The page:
Finally, he shares what he’s learned from interviewing dozens of high achievers—from corporate CEOs, unicorn startup entrepreneurs to global policy leaders. Strive shows how you can shape your life and your career, a life of fulfillment and joy, constantly creative and productive, one that always holds the possibility of delightful surprise.

How Humans Can Survive in the Robotic Age
 

Scott’s second feature book The Human Race: How Humans Can Survive in the Robotic Age is scheduled to come out next year. Scott explores the imminent net job loss from artificial intelligence, robotics and the Fourth Industrial Revolution and its impact on income inequality and rise in populism and nationalism that are sweeping across the globe.

AI-driven cyber-physical automation is expected to displace 50% to 80% of the human workforce by 2030. As the pace of convergence of exponential technologies reach near vertical slope, the trend of human displacement is unstoppable. What will be the role of humans?

For the structurally unemployed and underemployed, it will be bleak future with limited options. Only those with highly specialized PhDs in fields that create, train and maintain AI, robotic and advanced scientific and technical systems may have a place in the world of hyper-automation. Contrary to popular belief that only predictable physical work is automatable, as narrow AI continues to master new niches, it will amass a superset of capabilities that will not only replace tasks but holistic job functions. There is no senior executive, policymaker or subject matter expert that will be safe.

How do you turn disruption Into innovation? In PwC’s Annual Global CEO Survey, 62% expressed concern about the impact of disruption in their industry. Disruption is coming from all directions — from the Internet of Things, blockchain cryptography, AI/ machine learning, data analytics, decentralized computing to changes in consumer behavior.

According to an Accenture study of 1,000 large enterprises, big companies struggle with innovation. The biggest barrier is not a lack of vision but because, by definition, big companies are mature. Organizational structures and processes are in place to guide the company towards efficiency.

Seasoned managers steer their employees from pursuing the art of discovery and towards engaging in the science of delivery. Employees are taught to seek efficiencies, leverage existing assets, and listen to their best customers.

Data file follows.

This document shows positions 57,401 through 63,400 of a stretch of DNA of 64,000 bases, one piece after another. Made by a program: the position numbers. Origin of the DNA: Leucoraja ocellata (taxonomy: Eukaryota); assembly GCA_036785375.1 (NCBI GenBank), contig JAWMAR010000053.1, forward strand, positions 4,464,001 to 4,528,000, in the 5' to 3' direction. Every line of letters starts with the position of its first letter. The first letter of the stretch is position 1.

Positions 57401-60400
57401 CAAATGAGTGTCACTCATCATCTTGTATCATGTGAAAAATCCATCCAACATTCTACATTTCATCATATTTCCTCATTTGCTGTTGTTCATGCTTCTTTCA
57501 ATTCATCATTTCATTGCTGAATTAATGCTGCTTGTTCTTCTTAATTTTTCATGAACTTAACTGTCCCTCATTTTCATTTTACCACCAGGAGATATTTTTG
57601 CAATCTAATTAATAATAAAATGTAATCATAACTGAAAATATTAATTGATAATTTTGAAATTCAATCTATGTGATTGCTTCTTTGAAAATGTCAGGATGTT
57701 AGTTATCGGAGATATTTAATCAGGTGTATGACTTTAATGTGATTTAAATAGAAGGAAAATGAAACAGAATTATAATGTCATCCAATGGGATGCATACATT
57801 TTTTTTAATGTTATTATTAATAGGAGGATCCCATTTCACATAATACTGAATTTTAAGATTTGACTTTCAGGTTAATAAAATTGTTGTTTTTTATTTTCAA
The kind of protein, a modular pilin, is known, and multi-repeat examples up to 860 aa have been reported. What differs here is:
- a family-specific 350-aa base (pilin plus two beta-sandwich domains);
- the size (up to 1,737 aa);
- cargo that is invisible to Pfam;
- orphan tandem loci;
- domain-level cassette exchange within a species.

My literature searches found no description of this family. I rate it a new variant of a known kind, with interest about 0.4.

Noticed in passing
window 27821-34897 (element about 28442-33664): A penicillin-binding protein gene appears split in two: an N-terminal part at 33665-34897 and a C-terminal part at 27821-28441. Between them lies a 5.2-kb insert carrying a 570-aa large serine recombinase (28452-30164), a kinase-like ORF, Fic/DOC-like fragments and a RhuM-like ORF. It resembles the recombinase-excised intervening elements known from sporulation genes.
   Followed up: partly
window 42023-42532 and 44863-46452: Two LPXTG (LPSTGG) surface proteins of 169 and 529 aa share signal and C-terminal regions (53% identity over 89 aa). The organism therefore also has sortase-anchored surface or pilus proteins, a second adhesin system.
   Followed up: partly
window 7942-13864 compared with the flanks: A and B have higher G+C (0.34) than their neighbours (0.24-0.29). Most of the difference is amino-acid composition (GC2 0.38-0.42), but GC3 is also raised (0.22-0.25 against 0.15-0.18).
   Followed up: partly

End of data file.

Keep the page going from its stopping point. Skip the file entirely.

Such practices and policies ensure that executives can consistently deliver positive earnings to Wall Street, but they also minimize the types and scale of innovation that can be pursued successfully within an organization.

No company ever created transformational growth by doing what they do a tiny bit better and a tiny bit cheaper.

Is Your Organization Ready for the Era of Human-Machine Innovation?
 

Disruption is a great term, as long as it’s being applied to your competitors and not your firm. Exponential technologies are creating disruption. The convergence of exponential technologies is expected to disrupt almost every sector and business.

Changing trends are forcing leaders to take a hard look at their business models and core competencies. New entrants are threatening to displace “cash cows” and prominent brands.

How is your company positioned to take advantage of the multi-billion dollar opportunity that beckons?

Or is your business at risk from the advances in technology?

If your company is not embracing technological and business model changes, it may be in danger of becoming obsolete.

The new marketplace for industries like manufacturing, energy, gas and oil, and construction is a far cry from that in decades past.

The perfect storm of problems has been brewing, as novel challenges cut into revenue and force corporations to scramble to find fresh opportunities.

Obstacles to growth come in many forms. For example, the Bureau of Labor Statistics noted that there has been a gradual slide in worker productivity, not over just the last few quarters, but over the last decade.

However, just as some industries are struggling, there is little doubt that the tech sector is going strong—and that it is shaking up other verticals to create value and opportunities for expansion and growth.